Increased Patient Access
and Productivity vs.
Sixty-eight faculty (51.5%) reported for
the previous year they were concerned
they might not be “happy” with a
salary based on reduced wRVUs (i.e.,
doing less clinical work and receiving
less compensation). While not demonstrating actual decreased productivity,
this concern can be a barrier to institutional goals of increased patient
access and productivity.
Seniority and Rank Agnostic in CP but Not to Faculty
Faculty noted the lack of recognition of seniority or academic
rank in the CP as a reason for
dissatisfaction. In academic
medicine, promotion and tenure
are important career milestones.
Academic achievements benefit
the institution in grant funding
and institutional recognition. One
argument for not including rank
in a wRVU-modeled CP is that the
cost or payment for performance
of a procedure is not based on
physician experience or academic
rank. The Compensation Plan
Working Group considered sev-
eral models to account for rank
in setting compensation levels.
These models all had an unacceptable negative financial impact
on junior faculty. Future work will
explore ways to balance academic
tenets with financially stable
Provider Wellness and the “Fourth Aim”
Health care has focused on the Triple Aim of enhancing patient experience, improving population health, and reducing costs. Over several
years, AMCs have adopted the “Quadruple Aim,” the Fourth Aim being
wellness of the provider. 7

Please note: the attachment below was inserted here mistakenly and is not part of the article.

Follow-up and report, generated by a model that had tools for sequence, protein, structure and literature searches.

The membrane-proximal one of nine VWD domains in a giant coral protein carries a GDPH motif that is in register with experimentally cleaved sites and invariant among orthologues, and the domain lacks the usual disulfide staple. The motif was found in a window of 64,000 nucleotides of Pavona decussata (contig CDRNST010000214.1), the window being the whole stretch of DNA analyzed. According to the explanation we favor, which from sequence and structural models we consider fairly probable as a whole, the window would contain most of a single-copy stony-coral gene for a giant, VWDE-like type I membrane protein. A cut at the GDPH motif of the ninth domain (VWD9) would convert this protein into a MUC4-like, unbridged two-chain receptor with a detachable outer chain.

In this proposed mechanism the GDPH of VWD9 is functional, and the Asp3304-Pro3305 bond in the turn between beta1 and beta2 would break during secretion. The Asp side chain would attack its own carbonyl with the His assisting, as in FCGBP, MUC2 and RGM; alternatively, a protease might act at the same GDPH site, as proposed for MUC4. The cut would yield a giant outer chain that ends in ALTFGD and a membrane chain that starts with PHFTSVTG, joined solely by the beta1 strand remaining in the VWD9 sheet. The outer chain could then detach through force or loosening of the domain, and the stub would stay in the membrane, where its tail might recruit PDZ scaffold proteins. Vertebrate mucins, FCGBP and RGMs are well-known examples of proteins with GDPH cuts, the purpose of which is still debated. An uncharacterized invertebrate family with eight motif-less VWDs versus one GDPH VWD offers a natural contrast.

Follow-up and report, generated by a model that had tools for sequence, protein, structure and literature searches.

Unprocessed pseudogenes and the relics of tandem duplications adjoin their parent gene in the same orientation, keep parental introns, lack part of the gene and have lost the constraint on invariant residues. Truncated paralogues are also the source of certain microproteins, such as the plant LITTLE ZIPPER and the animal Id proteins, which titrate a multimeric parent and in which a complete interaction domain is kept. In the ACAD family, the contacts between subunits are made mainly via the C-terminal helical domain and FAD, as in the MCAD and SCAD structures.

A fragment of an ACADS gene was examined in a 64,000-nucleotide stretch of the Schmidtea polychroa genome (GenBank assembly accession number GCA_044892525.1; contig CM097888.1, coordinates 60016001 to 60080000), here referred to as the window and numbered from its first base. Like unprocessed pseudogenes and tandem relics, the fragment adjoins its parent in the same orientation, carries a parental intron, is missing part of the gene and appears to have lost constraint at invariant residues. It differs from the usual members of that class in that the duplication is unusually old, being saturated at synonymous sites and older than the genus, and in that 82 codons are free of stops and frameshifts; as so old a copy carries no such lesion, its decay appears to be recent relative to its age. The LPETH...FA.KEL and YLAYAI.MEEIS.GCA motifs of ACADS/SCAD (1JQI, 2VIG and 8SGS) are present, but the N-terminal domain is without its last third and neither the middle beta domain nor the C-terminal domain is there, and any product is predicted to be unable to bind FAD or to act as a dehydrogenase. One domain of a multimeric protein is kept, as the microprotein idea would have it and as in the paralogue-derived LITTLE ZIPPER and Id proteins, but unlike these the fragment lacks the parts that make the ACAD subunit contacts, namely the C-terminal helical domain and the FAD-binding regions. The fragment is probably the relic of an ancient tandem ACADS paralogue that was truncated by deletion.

There are multiple factors associated with a CP that impact this aim.
A productivity model creates additional perceived barriers to time off,
which can be lost wRVU time, reducing compensation. Faculty may not
take allocated days off, which can lead to increased stress, decreased
productivity, and high cost of buyout on separation for unused vacation
days (see “Teach the Teachers”).
Faculty dissatisfactions that impact wellness included clinic inefficiencies, lack of governance over clinical settings, high patient “no-show” rates,
and scheduling difficulties hindering productivity. Faculty also noted that
significant clerical and administrative work are not compensated. Disparities in support staff levels was also a concern.
Rather than money being a primary driver of satisfaction, faculty noted
that the focus on compensation was a cause of burnout. One faculty
member called the plan “a symbol of how little the institution cared about
faculty.” Faculty used terms including “rat race,” “unhealthy workplace,”
“unhappy,” and “hourly factory workers clocking in” to describe the impact
of the plan.
Many practice factors faculty identified as important for their satisfaction were consistent with institutional goals. Health systems need to
improve access and efficiency, listen to provider/front-line suggestions,
and design workflow to allow physicians and other providers to do what
they are trained for and enjoy doing—seeing patients.
Compliance, insurance, and documentation requirements add to physician
workload, often without clear evidence of improved patient care. Physicians
recognize that for many specialties, work required for quality patient care
does not generate wRVUs. While wRVU metrics include a percentage of
non-face-to-face time, this is not well understood by physicians and may
not account for all the time required to care for the patient. Communicating with clinicians to learn how to provide the best care both advances the
institutional mission and provides intrinsic satisfaction to faculty.
To account for time off, Virginia Com-
monwealth University (VCU) CP is
based on 46 weeks of work per year,
not 52. While this is fundamental to
our benchmark development, faculty
did not widely understand it. Health
systems should work to ensure
faculty understand calculations
underlying compensation, including
allowance for time off, and recog-
nize the importance of encouraging
days off to help balance work and
personal time. i S t